The Crisis of the Italy Political System Part 3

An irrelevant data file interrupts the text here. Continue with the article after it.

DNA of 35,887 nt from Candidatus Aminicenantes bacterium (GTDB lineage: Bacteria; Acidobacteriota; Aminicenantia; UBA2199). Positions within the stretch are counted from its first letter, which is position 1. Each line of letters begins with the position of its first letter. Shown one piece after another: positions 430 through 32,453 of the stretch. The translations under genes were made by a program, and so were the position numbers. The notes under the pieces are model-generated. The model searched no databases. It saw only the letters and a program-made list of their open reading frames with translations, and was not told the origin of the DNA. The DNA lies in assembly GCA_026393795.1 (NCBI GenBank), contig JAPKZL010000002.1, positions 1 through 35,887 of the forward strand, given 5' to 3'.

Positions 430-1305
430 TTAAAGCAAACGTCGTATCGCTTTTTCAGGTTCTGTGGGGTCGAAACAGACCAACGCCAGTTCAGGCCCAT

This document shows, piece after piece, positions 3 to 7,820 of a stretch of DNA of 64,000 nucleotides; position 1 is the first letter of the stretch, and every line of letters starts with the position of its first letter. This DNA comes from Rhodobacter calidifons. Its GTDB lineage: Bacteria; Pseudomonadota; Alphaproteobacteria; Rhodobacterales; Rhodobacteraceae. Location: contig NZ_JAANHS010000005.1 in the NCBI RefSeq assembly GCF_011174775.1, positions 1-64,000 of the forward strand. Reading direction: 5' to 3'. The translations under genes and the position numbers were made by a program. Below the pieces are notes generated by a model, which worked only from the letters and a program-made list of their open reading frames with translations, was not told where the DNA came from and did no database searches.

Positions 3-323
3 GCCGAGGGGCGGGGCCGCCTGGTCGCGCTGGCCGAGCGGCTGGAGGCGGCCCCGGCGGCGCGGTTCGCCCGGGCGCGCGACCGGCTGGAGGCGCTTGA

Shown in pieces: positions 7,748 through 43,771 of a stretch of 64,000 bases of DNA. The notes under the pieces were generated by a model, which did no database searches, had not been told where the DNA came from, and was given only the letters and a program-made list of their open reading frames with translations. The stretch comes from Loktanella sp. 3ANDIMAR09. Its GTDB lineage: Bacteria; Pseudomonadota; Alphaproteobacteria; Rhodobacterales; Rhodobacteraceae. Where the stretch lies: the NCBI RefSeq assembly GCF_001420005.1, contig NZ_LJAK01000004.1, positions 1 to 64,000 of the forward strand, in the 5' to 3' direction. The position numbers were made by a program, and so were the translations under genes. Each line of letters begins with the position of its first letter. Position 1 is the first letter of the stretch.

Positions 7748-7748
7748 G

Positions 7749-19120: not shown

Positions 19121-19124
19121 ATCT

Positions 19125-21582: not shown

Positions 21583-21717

President Cossiga had based the first years of his seven years on a criterion of rigorous non-intervention in political matters, a style radically different from that of his predecessor Pertini. Starting in 1990, he broke the secrecy observed until then to give a new imprint to his office as President, making use not only of the instrument of the message to Parliament, but exposing his point of view with increasing frequency in interviews, statements, press conferences, television appearances. One of the recurring themes was that of the role of the judiciary. Not only did he intervene to solicit the solution of some of the darkest events in recent Italian history (e.g. the ” Ustica massacre ”), but he repeatedly reminded the Superior Council of the Judiciary to respect its institutional tasks, distorted by excessive politicization and a practice of intervention in areas that would not have been its own. With the CSM (which is chaired by the President of the Republic) phases of institutional conflict, even very bitter, opened. When, in October 1990, the existence of a secret military network – called Gladio – linked to NATO and destined to lead forms of armed struggle in the event of an invasion of a communist power, Cossiga claimed credit for having contributed, as Undersecretary of Defense in the 1960s, to the definition of the tasks and structure of the organization. Very heated controversies then broke out among those who defended the legitimacy of Gladio (confirmed by Andreotti in Parliament) and those who suspected its use for anti-communist purposes in internal politics or even its involvement in criminal and terrorist episodes. Cossiga rejected the request to be heard as a witness sent by the Venetian magistrate who was investigating the Peteano massacre (in which three carabinieri died on May 31, 1972): one of the perpetrators had revealed that he had been in connection with a secret military structure. The president then quarreled harshly with the communists and with the PCI secretary Occhetto. A complaint for an attack on the Constitution presented by Proletarian Democracy was filed at the end of December. The contrasts between the president and some political forces – not only the PCI, and then the PDS, but also the PRI and, later, above all his party of origin, the DC – and with single public personalities they became more and more lively and frequent. In December 1991, the PDS again asked Parliament to indict the head of state (later acquitted in 1993). Other parties such as the PSI and the PLI instead sided constantly with the president while the government, which was seeking mediation in a conflict that risked becoming institutional at any moment, was repeatedly put in difficulty. The ” utterances ”, the so-called ” pickaxes ” of the president became the daily subject of waiting and commenting in the press and in public opinion, while the whole affair, which lasted until the early months of 1992, maintained an unusual character and paradoxical. A further paradox lay in the fact that the supreme guarantor of the Constitution had become one of its most vocal critics. The subject of the most significant and reasoned interventions, and the subject of a long message sent to the chambers at the end of June 1991, was in fact the problem of institutional reforms. Cossiga urged the political forces to start a process that could no longer be postponed and attacked those who stood up in defense of the current political system. Insisting on the damages of the party power, he took a stand against the immutability of the Constitution and in favor of a series of changes to always be submitted, in the form of referendums, to the direct judgment of the people.